Trees were an English folk-rock band that existed between 1969 and 1971. The group's blend of acoustic and electric guitars journeyed between traditional songs, delivered with an often heavy and psychedelic edge, and the band’s original arcane compositions steeped in the traditional vein.


Trees formed in London in 1969, and spluttered to a halt in 1971, barely a footnote in musical history. Since then, ‘On The Shore’s legend has grown slowly underground over the decades. In the Spring of 2006, the track ‘Geordie’ was sampled by chart-topping pop group Gnarls Barkley for the title track of their album ‘St Elsewhere’, after a recommendation from the proprietor of Ladbroke Grove’s Minus Zero record store. Producer Danger Mouse’s use of lead guitarist Barry Clarke and drummer Unwin Brown’s ethereal and atmospheric playing gave Trees a renewed push back into the sunlight. Its re-emergence was timely. ‘On The Shore’s psychedelic-folk fusion was all but unprecedented, and its tone of strange, otherworldly, almost sinister ambivalence has remained impossible to counterfeit. 

A beautiful hybrid, Trees found a unique space between intimate folk and freewheeling psychedelia. Musically ambitious yet brilliantly balanced, they have left an enduring legacy for those lucky enough to be in on the secret” Edd Gibson, Friendly Fires

Trees formed through a network of friends and acquaintances. The first time the folk guitarist David Costa met the lead guitarist Barry Clarke they immediately got out their instruments, played together and, it being 1969, decided to form a band. Bassist and songwriter Bias Boshell lived in the same house as Barry, and he’d been at the famous Hampshire non-conformist school Bedales with drummer Unwin Brown. Celia Humphris, the singer, was the sister of a workmate of David’s. 

During those first few formative weeks and months we laboured to find whatever it might be that we all had to offer each other, and whatever it was we could assemble out of the disparate parts. We knew the end product lay somewhere between the smoky folk clubs of the 1960s, the browning pages of a crumpled copy of A. L. Lloyds Penguin Book Of English Folk Songs, and the thick cardboard jackets of the import vinyl wed find at Simon Stables record store on Portobello Road. David Costa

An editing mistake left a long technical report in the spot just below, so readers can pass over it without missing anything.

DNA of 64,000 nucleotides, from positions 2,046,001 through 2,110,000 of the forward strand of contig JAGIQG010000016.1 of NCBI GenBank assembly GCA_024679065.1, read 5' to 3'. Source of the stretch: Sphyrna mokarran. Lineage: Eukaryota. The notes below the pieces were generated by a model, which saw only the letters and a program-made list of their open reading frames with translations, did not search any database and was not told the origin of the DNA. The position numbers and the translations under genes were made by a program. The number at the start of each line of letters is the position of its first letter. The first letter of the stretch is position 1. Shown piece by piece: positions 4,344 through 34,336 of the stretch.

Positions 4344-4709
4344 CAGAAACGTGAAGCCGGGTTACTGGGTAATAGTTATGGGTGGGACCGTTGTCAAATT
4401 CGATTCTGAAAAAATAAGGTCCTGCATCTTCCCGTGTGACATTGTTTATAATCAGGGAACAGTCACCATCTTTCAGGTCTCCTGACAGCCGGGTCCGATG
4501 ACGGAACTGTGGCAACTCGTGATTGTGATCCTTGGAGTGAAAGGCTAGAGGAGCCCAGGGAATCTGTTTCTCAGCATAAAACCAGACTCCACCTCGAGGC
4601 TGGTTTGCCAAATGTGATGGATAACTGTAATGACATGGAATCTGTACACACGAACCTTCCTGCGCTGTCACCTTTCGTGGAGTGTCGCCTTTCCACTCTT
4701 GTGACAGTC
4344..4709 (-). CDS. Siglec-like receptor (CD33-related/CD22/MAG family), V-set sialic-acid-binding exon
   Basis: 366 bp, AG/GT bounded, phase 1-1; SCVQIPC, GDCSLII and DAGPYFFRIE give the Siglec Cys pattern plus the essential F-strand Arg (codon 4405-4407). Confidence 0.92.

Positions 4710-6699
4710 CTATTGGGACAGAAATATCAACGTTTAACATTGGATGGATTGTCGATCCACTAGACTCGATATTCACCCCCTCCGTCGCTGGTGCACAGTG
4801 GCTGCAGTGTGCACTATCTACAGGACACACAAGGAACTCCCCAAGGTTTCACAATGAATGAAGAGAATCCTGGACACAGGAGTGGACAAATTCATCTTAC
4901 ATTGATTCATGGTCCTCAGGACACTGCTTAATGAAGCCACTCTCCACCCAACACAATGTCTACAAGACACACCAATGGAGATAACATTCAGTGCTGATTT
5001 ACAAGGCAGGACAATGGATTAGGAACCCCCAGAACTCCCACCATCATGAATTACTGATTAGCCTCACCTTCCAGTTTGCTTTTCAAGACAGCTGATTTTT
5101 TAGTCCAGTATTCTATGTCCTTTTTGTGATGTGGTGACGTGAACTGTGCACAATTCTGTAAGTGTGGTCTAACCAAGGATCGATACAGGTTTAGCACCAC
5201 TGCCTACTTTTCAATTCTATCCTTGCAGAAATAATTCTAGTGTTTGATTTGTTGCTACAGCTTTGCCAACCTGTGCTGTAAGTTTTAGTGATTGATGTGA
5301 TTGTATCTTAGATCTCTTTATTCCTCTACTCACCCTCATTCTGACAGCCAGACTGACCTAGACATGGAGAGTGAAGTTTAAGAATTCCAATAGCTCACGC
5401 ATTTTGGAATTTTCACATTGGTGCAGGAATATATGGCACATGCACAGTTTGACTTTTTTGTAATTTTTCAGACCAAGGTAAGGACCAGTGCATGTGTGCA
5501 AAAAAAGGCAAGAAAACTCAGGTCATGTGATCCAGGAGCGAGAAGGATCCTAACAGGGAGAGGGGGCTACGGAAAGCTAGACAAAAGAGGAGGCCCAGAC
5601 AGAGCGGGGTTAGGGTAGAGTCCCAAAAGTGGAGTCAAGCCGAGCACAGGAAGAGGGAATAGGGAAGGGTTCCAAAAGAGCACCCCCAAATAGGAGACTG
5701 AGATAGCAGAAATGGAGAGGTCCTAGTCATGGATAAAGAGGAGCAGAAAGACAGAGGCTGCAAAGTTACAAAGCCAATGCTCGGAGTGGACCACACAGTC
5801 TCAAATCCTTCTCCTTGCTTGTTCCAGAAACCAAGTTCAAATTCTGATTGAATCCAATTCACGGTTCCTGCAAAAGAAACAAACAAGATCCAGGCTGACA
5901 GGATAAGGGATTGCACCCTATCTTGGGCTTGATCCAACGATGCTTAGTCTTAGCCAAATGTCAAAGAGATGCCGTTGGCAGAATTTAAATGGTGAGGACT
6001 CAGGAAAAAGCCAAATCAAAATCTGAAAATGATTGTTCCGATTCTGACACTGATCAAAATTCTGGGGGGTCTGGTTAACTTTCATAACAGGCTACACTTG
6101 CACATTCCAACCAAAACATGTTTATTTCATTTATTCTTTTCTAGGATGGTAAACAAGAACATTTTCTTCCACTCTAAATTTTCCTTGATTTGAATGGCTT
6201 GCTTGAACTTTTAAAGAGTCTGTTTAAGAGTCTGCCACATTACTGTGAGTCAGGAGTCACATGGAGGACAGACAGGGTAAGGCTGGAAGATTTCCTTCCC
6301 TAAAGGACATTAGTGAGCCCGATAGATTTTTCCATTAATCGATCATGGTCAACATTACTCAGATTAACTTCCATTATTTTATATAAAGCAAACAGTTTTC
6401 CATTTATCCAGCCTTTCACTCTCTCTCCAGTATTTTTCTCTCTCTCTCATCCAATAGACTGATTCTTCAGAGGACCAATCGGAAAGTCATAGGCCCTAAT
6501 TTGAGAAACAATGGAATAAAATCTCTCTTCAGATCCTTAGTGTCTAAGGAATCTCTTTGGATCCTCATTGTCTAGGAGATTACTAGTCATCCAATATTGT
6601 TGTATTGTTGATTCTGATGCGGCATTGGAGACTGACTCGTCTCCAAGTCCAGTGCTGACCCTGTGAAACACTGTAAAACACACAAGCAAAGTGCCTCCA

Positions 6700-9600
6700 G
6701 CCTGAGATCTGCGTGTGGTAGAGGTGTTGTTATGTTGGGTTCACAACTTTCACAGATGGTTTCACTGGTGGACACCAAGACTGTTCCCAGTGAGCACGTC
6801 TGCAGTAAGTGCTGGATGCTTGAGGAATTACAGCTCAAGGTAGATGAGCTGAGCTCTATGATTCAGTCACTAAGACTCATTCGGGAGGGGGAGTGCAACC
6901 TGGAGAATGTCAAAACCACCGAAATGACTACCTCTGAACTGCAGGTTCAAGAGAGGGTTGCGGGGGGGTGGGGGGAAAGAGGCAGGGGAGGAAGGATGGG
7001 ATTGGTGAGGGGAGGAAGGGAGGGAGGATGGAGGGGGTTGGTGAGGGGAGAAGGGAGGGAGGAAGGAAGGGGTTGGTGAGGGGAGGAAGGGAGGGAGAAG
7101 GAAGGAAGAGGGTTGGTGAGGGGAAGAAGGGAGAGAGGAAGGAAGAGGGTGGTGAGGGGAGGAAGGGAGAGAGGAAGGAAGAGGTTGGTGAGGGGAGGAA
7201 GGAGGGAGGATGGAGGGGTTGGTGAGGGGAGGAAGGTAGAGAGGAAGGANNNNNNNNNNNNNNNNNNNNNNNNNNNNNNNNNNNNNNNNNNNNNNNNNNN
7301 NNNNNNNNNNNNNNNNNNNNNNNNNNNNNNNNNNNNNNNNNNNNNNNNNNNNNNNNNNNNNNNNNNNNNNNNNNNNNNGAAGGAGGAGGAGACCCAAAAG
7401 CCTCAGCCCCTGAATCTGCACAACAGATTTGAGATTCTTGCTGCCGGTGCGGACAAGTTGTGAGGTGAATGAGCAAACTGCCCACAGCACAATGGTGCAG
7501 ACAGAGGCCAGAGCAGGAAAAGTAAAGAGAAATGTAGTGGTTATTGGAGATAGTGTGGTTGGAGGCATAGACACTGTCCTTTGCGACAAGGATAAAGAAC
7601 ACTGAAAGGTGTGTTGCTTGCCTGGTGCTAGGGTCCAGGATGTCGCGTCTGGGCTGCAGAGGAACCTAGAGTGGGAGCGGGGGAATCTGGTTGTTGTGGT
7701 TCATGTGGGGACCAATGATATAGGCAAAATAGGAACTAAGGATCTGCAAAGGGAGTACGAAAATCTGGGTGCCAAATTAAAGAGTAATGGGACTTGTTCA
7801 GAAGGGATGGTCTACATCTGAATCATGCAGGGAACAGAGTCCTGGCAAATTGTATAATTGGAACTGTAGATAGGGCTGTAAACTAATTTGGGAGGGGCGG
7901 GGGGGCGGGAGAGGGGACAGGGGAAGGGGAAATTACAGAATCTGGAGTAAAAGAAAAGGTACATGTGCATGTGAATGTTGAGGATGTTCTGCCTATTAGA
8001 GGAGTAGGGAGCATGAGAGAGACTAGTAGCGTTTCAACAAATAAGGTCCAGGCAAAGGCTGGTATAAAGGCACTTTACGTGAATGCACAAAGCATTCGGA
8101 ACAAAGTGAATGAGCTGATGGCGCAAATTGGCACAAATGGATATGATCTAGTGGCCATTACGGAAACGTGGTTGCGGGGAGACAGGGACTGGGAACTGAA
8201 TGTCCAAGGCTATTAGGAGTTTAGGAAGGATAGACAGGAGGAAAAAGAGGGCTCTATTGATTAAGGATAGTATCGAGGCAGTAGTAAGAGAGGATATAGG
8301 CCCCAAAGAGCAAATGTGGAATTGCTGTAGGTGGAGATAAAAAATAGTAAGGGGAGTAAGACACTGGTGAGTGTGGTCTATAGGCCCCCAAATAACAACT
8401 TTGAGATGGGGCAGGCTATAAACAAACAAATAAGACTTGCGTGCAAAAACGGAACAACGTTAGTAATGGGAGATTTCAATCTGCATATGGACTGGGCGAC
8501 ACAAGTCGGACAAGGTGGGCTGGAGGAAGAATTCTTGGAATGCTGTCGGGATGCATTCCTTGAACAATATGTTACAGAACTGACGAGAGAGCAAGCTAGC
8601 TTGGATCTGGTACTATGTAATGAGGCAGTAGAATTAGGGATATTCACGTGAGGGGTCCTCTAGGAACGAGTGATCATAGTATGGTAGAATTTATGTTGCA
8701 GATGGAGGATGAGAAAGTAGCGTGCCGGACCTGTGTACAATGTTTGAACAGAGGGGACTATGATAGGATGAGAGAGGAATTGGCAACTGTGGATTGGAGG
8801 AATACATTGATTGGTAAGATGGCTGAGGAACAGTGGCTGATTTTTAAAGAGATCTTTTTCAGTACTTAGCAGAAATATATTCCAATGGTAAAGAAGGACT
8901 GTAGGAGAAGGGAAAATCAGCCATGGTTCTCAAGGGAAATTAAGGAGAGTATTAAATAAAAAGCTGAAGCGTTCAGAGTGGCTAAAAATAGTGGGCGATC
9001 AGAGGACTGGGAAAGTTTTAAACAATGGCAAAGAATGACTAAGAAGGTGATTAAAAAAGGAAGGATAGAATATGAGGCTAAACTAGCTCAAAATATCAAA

Their debut, ‘The Garden of Jane Delawney, released in the spring of 1970, snuggles nicely into contemporary nu-folkies’ idea of the genre, and shares some of the pastoral-whimsy that characterised The Incredible String Band or Donovan, offset by some stunning interpretations of traditional material and Bias’ own songs, which somehow seemed to be a part of the tradition Trees had adopted. Readings of ‘Lady Margaret’, ‘Glasgerion’ and the old standard ‘She Moves Through The Fair’, and the extended fade of the group’s own Road, presage the explosive instrumental duelling that would come to characterise the follow-up and final album, ‘On The Shore’. 

If you are about to listen to ‘On The Shore’ for the first time, then you are to be envied. In an era of mass communication and commercial misappropriation, there are few genuinely lost treasures left to be discovered. Darker and more ambivalent than ‘The Garden Of Jane Delawney’ … you’re left to formulate your own response to this odd, opaque music. Like all classic records, it’s somehow so much greater than the sum of its parts…” Stewart Lee 

But despite substantial critical acclaim, ‘On The Shore’, released less than a year later in February 1971, unfortunately wasnt the breakthrough it should have been, and that the band had worked so hard for. Eighteen months later Trees limped to a close with a depleted line-up, having made no further commercially available recordings. 

Over the years of exile, both albums remained constantly available and Trees were momentarily sighted in effusive fanzine profiles and in out-there versions of Sally Free And Easy’ by underground acts such as Magic Hour and Flying Saucer Attack 

On the evening of Winter solstice in 2018 at London venue Café Oto, a group cautiously billed as The On The Shore Band Plays The Music Of The Trees, comprising of David Costa and Bias Boshell alongside a supporting cast drawn from contemporary groups Friendly Fires, Pattern Forms, Corinthians, OreSisika and Victor Noir, and from Trees family members, appeared to reinterpret a demonstrably timeless catalogue in a celebration fans never thought theyd see. 

This year on their 50th Anniversary Earth Recordings release a long thought out new Trees collection bringing together both albums. Beautifully packaged this four-disc special anniversary edition includes 12” book with liner notes from founder member David Costa and comedian Stewart Lee. It features two new discs of alternate mixes, early demos, BBC session tracks and live recordings from the London show in 2018. 



Freak-folkers will value this fusion of the modern and the ancient, and heads will enjoy the acidic guitar… a vivid reminder of a period when the spirit flew free – so much so it remains an inspiration decades later

Jon Savage, Mojo